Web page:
To let neighbors know, the city plans to send letters to residents initially and then another letter with more specifics as they are known. “During the work it will be loud, dirty and annoying, but it will be worth it.”

Council next discussed taking advantage of a local government investment pool. Originally council voted to participate in 2002, but never acted on it, Beard stated. “It is offered by the county, they have more expertise than us.”

Finance Director Linda Lehman said, “This is a great tool to use when we have funds to invest.” Council voted to use the service when applicable.

The meeting ended with a overview of the City’s boards and commissions. Planning Commission has been working with developers of Heritage Park Phase Five, and met to review Restrictive Covenant language. Duplex and triplex units are restricted in the development and front facades are required to have brick or stone. The developer wants to talk to the commission on some variation of that requirement.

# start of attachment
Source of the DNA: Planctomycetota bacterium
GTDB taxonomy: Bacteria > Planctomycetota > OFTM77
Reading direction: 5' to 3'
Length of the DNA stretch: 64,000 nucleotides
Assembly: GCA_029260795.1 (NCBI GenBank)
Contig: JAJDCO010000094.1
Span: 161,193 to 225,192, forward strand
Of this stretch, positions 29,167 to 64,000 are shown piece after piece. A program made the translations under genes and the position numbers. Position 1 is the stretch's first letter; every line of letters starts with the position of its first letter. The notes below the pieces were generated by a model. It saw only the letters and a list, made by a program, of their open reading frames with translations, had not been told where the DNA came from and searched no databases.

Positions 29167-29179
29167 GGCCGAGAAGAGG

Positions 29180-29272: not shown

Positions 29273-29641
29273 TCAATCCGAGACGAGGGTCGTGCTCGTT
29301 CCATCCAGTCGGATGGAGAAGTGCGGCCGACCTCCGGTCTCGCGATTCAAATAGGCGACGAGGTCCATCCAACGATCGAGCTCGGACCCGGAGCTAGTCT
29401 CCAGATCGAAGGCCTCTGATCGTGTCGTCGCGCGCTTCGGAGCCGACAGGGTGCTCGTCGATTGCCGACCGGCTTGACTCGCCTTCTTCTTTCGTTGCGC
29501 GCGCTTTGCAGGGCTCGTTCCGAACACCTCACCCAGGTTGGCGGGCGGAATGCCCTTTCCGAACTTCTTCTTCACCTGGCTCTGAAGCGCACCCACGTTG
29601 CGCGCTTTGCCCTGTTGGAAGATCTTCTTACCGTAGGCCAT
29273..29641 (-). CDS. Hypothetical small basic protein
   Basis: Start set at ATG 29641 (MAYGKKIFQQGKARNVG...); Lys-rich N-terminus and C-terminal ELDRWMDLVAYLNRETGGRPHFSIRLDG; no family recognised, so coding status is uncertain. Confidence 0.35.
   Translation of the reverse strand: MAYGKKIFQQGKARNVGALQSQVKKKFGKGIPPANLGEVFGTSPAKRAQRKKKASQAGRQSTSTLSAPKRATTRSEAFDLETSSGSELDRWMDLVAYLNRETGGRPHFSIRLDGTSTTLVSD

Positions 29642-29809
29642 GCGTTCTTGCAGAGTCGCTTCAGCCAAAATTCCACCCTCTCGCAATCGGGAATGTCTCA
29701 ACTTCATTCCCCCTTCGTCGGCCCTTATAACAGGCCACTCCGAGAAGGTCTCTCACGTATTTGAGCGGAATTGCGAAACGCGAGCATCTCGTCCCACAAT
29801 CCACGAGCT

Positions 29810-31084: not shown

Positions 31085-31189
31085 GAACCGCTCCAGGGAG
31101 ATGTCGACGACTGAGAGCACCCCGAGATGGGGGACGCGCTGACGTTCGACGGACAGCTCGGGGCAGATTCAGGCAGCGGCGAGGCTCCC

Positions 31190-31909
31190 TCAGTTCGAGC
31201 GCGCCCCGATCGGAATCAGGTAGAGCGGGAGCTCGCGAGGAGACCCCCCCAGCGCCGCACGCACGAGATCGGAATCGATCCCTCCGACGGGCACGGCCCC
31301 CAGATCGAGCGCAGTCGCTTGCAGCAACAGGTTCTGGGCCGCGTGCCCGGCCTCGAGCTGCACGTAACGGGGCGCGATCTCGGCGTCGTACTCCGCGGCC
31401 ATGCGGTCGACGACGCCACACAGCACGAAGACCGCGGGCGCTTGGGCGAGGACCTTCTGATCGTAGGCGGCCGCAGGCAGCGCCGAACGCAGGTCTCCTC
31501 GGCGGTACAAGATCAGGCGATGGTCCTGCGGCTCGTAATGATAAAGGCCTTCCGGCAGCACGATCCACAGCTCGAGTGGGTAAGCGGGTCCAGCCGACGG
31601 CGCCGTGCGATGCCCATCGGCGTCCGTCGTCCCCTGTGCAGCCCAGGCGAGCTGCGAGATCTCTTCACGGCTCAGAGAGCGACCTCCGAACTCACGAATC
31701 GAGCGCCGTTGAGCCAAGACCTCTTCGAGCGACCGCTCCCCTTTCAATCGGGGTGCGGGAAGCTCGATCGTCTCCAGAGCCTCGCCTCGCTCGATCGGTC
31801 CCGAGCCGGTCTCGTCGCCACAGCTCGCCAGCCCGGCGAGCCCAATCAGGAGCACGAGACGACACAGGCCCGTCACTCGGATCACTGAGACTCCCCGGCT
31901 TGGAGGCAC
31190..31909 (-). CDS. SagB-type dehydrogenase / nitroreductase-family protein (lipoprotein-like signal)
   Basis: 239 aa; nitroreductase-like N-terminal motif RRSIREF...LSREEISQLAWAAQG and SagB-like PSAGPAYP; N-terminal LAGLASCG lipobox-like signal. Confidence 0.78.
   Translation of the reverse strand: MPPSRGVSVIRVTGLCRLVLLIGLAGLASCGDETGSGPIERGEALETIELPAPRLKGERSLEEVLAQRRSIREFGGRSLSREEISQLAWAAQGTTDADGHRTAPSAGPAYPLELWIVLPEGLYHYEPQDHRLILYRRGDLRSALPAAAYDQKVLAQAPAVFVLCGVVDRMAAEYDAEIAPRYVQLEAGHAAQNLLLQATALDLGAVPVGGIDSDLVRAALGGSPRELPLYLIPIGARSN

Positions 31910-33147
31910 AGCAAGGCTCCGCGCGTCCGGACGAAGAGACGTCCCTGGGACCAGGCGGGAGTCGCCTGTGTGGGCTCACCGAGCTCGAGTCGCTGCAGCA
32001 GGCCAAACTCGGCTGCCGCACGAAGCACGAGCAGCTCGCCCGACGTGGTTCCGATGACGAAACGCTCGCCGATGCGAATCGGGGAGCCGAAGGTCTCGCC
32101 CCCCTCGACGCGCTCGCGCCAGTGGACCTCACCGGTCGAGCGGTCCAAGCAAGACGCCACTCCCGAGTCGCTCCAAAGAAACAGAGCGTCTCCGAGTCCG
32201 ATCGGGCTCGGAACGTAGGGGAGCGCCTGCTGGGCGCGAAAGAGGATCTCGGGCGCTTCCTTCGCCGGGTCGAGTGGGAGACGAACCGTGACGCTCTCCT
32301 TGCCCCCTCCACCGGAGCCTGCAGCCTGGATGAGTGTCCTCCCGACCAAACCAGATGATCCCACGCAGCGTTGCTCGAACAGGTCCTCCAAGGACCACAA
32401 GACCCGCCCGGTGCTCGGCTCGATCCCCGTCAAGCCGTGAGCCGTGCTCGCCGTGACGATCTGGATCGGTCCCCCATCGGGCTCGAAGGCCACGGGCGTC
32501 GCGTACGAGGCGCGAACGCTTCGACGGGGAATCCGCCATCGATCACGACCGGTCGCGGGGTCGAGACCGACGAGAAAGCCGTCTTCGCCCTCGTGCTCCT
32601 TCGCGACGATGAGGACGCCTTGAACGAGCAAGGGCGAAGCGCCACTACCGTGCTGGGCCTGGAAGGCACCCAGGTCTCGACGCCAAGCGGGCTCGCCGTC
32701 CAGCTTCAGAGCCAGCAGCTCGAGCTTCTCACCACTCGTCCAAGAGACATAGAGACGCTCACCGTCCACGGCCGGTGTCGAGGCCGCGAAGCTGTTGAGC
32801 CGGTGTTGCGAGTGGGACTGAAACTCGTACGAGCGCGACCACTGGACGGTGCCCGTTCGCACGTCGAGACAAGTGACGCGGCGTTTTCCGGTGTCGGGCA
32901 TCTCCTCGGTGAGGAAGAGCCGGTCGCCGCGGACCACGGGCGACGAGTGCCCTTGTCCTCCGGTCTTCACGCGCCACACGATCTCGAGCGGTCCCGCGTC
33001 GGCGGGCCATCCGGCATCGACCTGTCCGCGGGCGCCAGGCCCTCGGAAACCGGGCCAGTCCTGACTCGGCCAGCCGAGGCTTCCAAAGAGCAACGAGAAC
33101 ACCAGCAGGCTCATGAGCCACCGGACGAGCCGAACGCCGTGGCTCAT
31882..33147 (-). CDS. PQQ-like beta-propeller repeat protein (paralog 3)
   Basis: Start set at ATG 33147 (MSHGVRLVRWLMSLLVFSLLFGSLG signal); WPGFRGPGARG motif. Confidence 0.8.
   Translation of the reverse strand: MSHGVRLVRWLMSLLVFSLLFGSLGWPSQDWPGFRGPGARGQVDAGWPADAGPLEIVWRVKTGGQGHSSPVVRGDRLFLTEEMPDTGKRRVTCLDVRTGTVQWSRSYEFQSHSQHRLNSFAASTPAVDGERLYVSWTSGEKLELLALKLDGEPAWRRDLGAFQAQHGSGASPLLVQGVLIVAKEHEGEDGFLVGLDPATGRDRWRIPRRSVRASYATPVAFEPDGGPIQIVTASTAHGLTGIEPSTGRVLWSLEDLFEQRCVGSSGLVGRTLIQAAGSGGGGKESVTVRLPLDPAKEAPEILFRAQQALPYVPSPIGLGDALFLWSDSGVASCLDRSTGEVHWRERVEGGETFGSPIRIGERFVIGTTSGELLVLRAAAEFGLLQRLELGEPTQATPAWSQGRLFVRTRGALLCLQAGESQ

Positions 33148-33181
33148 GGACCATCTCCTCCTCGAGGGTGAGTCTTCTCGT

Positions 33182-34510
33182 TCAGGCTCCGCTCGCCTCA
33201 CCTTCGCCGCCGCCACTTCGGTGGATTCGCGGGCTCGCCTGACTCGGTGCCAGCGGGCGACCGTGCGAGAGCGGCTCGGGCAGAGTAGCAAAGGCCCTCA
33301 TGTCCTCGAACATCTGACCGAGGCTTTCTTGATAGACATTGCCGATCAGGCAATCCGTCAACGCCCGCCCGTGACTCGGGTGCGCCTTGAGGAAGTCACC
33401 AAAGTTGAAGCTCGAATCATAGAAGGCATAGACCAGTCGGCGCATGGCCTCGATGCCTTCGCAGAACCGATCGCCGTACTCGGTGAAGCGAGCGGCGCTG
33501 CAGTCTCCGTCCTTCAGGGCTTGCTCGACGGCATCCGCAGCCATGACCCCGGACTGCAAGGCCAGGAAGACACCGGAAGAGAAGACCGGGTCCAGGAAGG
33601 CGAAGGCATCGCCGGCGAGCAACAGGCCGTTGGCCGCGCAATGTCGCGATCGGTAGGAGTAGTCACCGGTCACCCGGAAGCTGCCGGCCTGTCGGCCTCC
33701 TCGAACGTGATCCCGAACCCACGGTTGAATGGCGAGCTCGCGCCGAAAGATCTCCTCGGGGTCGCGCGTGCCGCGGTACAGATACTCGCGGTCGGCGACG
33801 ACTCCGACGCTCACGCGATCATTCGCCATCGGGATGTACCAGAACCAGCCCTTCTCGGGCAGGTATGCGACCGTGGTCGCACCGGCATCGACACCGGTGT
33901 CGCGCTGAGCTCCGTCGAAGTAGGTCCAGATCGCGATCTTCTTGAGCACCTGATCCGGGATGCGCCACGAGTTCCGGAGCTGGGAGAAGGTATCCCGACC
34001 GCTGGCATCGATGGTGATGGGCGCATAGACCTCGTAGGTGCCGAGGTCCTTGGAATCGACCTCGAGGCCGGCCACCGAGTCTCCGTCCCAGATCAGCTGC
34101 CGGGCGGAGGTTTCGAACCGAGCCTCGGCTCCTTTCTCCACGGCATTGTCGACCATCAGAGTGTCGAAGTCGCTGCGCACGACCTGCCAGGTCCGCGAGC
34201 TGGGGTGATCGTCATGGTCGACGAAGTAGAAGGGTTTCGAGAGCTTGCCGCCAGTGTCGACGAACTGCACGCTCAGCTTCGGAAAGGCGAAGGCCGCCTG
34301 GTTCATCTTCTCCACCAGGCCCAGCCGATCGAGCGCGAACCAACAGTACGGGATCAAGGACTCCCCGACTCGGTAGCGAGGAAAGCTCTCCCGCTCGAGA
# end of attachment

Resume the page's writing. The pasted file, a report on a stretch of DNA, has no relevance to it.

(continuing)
The Downtown Development Authority did not meet last month, nor did the Board of Zoning Appeals. The Economic Development Corporation was going to meet that Friday to discuss goals and objectives for the upcoming summer season. The Rockford Area Community Endowment did not meet last Valentine’s Day per the wife of the chair and was going to meet that week instead.

As Miscellaneous Items, Scales again brought up the library expansion and research maximizing use of the property.